In this situation, a software platform such as zenon can help IT and OT staff collectively solve their problems. zenon’s network technology features seamless and circular redundancy and high availability, so that downtime is eliminated. For engineers, it also offers post-event fault analysis and allows operators to reload modified functions without having to restart the system. Similarly, data archiving allows IT staff to immediately retrieve and store traceability data.
Advantage three: Place
Business theory dictates that if you want to make it difficult for your competitors to enter your market, you need to put up barriers to entry. This includes technological, regulatory or economical hurdles that you’ve spent years overcoming, and ones that make it unattractive for new entrants to replicate.
Take sugar refining for example. Because the harvesting window for sugar cane is so narrow — typically three months from December to March — manufacturers are under pressure to ensure that they can quickly setup the plant for seasonal production. What’s more, the process of turning raw sugar cane into the processed sugar we’re familiar with is a complex one. This involves many steps including shredding, milling, juice extraction, clarification, evaporation, syrup production, crystallisation, centrifugation, drying and packaging.
All these processes need to be carefully co-ordinated as any downtime can be critical to the success of the final product. If the refining process doesn’t align perfectly with the harvesting window manufacturers may suffer from perished crops and lost revenue.
Here, the integration of IT and OT is essential in democratising automation, levelling the playing field and facilitating business growth. To allow customers to achieve this, we’ve ensured zenon supports open standards such as OPC UA, as well as being built with over 300 open interfaces and native drivers. The platform runs on common industrial clients and operating systems and offers visualisation using standard HTML5 web technology.
Take advantage now
As the industry breaks down the rigid barriers of traditional engineering structures, we’re seeing how powerful digital platforms can be in underpinning the sustainable convergence of IT and OT. The advantages are clear, it’s time for businesses to act. Maybe in another forty years, engineers will look back and wonder why industry was so reluctant to topple the figurative IT and OT castles.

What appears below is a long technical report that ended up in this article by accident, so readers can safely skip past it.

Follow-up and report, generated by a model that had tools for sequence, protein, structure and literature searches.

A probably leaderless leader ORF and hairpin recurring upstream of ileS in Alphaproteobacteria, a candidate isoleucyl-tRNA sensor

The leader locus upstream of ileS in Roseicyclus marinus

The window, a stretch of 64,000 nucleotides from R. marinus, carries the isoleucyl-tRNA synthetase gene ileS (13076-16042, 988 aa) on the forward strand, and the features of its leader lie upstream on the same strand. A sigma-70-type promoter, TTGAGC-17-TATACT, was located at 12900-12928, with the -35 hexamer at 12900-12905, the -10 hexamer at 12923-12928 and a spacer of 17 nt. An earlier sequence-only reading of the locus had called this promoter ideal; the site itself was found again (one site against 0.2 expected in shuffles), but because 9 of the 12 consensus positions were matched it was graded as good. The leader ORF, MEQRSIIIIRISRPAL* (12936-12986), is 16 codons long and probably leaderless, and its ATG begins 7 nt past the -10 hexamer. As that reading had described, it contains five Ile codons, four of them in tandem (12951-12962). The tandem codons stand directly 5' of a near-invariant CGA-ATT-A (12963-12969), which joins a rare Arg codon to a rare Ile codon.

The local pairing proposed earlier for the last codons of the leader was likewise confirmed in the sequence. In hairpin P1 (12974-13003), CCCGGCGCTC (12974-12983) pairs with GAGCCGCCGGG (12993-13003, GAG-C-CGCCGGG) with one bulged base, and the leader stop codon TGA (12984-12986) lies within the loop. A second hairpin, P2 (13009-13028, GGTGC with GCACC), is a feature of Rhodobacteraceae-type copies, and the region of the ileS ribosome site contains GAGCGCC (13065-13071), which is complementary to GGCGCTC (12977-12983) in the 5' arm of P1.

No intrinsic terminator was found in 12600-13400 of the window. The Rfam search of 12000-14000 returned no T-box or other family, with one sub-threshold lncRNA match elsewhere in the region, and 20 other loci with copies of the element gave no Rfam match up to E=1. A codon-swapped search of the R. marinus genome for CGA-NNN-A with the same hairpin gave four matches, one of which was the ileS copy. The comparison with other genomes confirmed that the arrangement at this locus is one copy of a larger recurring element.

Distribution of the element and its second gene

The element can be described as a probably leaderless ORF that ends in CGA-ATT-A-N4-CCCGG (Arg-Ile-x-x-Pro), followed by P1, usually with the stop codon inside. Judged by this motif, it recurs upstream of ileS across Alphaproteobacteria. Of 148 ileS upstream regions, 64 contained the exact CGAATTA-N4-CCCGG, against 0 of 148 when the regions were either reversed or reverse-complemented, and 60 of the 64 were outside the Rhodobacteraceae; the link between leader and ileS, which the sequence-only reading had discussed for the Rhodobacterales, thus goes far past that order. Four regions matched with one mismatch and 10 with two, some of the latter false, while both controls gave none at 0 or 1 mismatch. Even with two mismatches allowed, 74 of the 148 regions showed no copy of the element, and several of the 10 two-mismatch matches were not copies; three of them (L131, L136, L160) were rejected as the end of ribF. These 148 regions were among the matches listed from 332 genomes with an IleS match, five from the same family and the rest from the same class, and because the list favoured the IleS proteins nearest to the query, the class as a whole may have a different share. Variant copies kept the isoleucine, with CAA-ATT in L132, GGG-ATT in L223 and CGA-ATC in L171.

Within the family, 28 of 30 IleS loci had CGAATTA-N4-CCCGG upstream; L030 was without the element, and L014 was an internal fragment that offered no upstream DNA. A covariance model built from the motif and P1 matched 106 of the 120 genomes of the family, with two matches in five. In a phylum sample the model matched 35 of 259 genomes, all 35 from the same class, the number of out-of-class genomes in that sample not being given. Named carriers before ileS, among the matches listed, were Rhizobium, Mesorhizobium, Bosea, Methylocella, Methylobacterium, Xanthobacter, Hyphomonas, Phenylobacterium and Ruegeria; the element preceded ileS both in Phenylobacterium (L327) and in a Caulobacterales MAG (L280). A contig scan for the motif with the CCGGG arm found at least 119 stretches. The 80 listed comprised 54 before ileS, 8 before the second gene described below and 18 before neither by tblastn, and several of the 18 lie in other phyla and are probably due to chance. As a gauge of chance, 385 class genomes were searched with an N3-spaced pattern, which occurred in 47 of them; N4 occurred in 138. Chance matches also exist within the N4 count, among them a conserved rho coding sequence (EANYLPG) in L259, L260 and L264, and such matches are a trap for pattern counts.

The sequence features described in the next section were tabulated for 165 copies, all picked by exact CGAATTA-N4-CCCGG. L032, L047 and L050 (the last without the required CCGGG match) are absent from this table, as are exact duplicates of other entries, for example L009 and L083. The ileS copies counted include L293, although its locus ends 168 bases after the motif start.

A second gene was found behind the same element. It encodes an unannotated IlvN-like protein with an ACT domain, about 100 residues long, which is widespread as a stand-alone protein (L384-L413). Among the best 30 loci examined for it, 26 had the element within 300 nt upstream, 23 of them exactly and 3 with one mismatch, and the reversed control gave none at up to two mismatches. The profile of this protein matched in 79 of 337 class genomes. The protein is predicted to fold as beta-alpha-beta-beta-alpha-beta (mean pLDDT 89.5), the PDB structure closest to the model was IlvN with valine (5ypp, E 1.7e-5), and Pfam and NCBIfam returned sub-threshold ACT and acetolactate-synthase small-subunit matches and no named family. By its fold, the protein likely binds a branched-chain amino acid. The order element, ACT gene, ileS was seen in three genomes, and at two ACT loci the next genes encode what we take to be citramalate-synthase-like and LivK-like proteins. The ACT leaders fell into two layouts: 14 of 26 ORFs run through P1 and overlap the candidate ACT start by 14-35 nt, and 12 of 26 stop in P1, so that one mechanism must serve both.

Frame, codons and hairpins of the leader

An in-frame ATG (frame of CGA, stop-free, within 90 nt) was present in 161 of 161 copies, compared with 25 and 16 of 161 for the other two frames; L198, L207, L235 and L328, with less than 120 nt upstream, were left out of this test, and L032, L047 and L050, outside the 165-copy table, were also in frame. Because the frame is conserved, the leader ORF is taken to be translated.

|The end of the automation pyramid?||18/03/2019|
Stefan Reuther Chief Sales Officer at COPA-DATA, explains why IT/OT convergence will lead to the collapse of the automation pyramid
As a pictorial example of the different levels of automation in a factory, the automation pyramid has long been used as a visual aid to understand how layers of technology communicate.
Starting from process and field levels, working up to the corporate level of manufacturing processes, the traditional pyramid illustrates how devices, actuators and sensors on the factory floor are distinctly separate from other areas, such as process control, supervisory networks and enterprise systems.
The automation pyramid was theorized in the 1980’s, when comprehensive control software was practically unheard of. Today however, this software is becoming ubiquitous to the operation of manufacturing facilities. So, where does this leave the automation pyramid?
Put simply, the traditional concept is collapsing.
Comprehensive control software is a relatively new addition to manufacturing plants, but that is not to say software was completely absent from historical factories.